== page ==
Where do you get the 2/3 quote. It is not foreseen in Art 87(3) UPCA which states:
    “A decision of the Administrative Committee taken on the basis of paragraphs 1 and 2 shall not take effect if a Contracting Member State declares within twelve months of the date of the decision, on the basis of its relevant internal decision-making procedures, that it does not wish to be bound by the decision. In this case, a Review Conference of the Contracting Member States shall be convened.”

  9. On 28.01.2022, I have been following a conference on the UPC organised by the University of Louvain-la-Neuve and the University Saint-Louis in Brussels. The .conference was in mixed mode that is in presence and online. The title of the .conference was “The UPC system- Remaining weaknesses and possible adjustments”.

    From the programme and the speakers, it was clear that the thrust of the conference would not be really favourable to the UPC. In spite of the absence of some speakers and the audio and video links being sometimes not very stable, the presentations and the discussions were of high level.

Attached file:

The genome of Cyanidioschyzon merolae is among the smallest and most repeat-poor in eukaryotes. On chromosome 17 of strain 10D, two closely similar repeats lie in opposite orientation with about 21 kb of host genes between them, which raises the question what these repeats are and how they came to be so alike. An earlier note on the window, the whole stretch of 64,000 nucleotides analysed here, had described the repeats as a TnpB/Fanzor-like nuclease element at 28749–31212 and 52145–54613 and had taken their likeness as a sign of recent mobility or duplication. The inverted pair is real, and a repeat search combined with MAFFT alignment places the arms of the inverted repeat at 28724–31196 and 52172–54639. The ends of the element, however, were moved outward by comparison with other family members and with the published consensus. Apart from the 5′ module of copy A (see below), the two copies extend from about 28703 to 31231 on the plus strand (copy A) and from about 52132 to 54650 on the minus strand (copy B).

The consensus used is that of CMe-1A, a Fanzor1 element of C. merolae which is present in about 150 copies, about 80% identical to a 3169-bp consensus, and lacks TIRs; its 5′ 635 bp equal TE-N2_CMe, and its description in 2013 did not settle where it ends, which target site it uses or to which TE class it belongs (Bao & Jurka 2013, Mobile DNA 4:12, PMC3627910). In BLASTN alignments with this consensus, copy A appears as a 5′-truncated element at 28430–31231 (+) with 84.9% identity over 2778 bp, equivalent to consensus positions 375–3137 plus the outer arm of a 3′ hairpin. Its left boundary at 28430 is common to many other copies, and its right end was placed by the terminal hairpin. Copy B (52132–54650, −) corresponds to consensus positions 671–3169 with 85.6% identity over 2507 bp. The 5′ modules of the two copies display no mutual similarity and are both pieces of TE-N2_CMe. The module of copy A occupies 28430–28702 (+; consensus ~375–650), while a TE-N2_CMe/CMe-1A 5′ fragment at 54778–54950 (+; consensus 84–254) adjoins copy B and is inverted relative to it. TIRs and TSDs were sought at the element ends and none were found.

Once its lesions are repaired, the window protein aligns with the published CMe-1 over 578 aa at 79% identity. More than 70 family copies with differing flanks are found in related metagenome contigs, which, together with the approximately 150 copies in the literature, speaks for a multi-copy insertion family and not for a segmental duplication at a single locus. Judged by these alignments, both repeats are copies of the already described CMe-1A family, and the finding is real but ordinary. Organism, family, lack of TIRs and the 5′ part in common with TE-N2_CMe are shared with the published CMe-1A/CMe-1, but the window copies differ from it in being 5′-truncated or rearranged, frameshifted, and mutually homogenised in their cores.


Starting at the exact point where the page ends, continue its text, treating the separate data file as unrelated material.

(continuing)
A few aspects discussed during this conference can be summarized as follows:

    – the UPC poses a big threat to European SMEs, as they can be centrally attacked for instance by non-European NPEs. See Max Drei’s comment above.
    – the lack of a proper EU patent law as neither the EPO nor the UPC are actually within the reach of the EU. Such a proper EU patent should be hosted at the EUIPO in Alicante.
    – the interesting possibility to have double protection by using a national patent and a UP in some contracting states, e.g. DE and FR, whereas a double protection national+EP is not offered. Should the UP disappear, the national patent still exists.
    – the uncertainty with the UPC could lead to a return to national filings when a patent is only interesting in a few countries
    – the UPC will not bring a harmonisation at national level, which appears necessary and useful
    – the UPC does not deal with important aspects like competition law and property

    At the end of the seminar two presentations were showing two totally different approaches:

    An in-house patent specialist suggested to opt-out as much as possible in view of all the uncertainties linked with the UPC and its non-existing case law. He also drew the attention to the fact that SMEs only producing for their local market could nevertheless be attacked even if they do not export in other countries.

    A French lawyer acting in litigation tried to show that SMEs would be better of with a UP, even when it comes to recoverable costs. What he did not say, but was commented by the audience is that this benefit of the UPC would only be present is the SME was not the losing party. And nothing is certain in this respect.